The batteries require 14611 watts/hour to supply the DC to AC converter to provide an average of 608.79 watts/hour during 24 hours or in one complete day.

The input power in Watt/hour that the charge controller must receive from the solar panels is:

Power = 14611/0.90 = 16234.44 watts/hour

Important Note:

This power must be supplied by the solar panels during the effective sunlight hours, per say eight hours, it is important to know that solar panels wont generate power at maximum efficiency during all day long, because in the morning and some hours afternoon the sunlight is weaker. The effective sunlight timing changes during the season, in summer the days are longer and normally the sunlight is stronger as compared to winter, where the days are shorter and the sunlight is weaker, the best thing to do is to consult your local sunlight index to know what is the sunlight radiation level during the day and by season, for the lack of the exact sunlight radiation index for your area a good overall approximation is to use a 85 percent solar panels power output for eight hours per day as a yearly average for an effective sunlight radiation, if you live way at north or at south this figure wont be very helpful perhaps north of Canada or at the end of South America’s Tierra del Fuego or the north and south poles.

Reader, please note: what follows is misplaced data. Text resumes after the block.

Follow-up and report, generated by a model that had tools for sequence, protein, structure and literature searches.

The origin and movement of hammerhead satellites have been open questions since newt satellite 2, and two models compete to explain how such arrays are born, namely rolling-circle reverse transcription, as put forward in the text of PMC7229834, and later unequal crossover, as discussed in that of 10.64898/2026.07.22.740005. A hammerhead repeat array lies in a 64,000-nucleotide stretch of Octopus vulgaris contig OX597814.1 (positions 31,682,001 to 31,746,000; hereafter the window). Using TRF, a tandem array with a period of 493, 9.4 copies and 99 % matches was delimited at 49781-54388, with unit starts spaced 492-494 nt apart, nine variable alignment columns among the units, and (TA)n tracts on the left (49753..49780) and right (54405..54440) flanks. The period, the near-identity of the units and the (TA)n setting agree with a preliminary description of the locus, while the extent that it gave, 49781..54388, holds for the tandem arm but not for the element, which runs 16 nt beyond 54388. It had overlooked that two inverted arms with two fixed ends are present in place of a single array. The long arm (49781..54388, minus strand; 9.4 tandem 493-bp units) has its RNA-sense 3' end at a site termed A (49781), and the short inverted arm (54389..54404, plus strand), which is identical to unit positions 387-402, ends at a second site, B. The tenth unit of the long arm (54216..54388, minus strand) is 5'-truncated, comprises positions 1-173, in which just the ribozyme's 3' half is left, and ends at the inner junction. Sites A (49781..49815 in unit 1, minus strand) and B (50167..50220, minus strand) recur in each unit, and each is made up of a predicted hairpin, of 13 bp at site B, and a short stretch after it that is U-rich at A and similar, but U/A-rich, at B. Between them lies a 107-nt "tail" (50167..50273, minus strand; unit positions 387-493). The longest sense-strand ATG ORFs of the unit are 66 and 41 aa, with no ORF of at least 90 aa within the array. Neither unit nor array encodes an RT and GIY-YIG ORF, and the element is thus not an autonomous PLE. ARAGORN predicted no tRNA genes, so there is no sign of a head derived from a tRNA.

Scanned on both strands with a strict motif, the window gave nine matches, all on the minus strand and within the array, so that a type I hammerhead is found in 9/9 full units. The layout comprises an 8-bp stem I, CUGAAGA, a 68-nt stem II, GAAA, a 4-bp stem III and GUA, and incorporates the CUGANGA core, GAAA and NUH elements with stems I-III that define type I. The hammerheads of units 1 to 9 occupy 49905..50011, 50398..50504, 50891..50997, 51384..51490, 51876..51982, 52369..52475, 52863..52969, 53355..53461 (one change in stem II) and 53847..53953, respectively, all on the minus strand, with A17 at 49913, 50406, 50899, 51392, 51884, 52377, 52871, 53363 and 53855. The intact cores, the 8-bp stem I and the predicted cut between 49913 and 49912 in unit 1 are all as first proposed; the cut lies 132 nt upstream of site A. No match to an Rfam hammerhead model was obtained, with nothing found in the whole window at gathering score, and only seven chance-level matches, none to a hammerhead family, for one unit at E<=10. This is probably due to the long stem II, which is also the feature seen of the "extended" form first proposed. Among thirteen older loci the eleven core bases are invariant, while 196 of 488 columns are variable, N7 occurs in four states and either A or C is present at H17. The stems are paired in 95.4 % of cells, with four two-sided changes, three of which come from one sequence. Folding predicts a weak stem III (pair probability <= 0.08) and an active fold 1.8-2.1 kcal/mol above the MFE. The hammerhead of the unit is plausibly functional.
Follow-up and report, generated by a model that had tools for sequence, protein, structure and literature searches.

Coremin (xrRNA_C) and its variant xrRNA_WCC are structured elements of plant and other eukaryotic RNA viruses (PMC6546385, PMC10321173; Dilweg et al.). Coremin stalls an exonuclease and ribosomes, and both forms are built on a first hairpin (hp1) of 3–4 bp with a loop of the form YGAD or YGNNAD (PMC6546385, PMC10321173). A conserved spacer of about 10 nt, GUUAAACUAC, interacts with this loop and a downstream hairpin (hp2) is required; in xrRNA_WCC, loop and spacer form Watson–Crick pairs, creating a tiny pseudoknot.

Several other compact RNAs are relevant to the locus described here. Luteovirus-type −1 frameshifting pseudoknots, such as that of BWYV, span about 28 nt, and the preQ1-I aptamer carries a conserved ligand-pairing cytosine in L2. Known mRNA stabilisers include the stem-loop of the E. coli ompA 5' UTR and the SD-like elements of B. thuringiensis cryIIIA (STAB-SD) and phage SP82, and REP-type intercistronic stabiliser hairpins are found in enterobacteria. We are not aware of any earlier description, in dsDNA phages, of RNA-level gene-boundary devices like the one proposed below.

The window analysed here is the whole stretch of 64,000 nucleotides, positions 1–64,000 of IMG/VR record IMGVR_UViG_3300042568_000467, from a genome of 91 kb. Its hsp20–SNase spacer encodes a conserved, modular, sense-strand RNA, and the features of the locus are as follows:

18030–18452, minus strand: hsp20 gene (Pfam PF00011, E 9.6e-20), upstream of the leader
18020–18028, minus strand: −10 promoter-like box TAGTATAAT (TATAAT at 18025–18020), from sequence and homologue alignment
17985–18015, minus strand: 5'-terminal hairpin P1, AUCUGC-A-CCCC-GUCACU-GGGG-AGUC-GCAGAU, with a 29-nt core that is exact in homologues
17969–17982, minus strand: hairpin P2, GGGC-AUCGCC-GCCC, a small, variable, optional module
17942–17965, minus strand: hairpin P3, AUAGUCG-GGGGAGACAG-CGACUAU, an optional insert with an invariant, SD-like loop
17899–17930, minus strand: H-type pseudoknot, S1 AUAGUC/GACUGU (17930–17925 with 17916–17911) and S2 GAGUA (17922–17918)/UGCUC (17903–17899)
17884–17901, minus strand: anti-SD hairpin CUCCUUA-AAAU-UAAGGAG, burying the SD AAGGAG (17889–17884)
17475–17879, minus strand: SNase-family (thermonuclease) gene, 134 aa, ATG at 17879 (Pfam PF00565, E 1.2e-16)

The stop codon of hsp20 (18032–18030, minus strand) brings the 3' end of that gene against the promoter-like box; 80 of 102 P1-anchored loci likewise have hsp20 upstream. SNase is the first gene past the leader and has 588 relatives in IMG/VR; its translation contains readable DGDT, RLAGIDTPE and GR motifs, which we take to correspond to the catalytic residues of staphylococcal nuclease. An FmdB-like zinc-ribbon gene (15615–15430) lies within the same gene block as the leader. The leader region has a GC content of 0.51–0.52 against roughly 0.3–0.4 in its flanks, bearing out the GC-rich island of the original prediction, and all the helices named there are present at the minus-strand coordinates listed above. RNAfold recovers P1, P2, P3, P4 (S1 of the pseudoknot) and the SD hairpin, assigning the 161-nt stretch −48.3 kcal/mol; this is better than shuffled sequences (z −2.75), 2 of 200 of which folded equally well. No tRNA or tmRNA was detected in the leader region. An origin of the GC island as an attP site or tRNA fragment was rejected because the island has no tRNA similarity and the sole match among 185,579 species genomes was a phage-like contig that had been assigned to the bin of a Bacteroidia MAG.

The minimum power that the charge controller has to handle is:

16234.44 watts/hour divided by 8 hours

= 16234.44/8 = 2029.30 watts/hour for 8 hours

Amps/hour will be:

P=V x I

Because battery voltage is 24 volts

Then:

I = P/V

I = 2029.30 watts /24 volts

I =84.97 amps/hour

The charge controller must be capable of supply the calculated amp/hour.

Calculating the Required Solar Panels

Electrical Panel Specifications

Solar panel nominal power in watts at 100% sun light and rated current of 3.64 amps

= 120 watts, Manufacturer data

Solar panel open circuit voltage = 33 volts, Manufacturer data

Solar panel nominal voltage (volts) at 100% sun light and at rated current 3.64 amps

= 29 volts, Manufacturer data

Power output in accordance with local sunlight conditions:

Average solar panel power for a 8 hours sun light day 85.00% or change this percentage in accordance with your location

Nominal solar panels output at max sunlight = 120 watts nominal

Effective average watts per panel = 102 watts = 120 x 0.85 (85% for eight hours sunlight)

Effective average current per panel = 3.09 amps

Volts = 29 volts at the specified current load

Continue tutorial on batteries >> GO

Always select a charge controller with a minimum of plus 30% margin over the calculated power value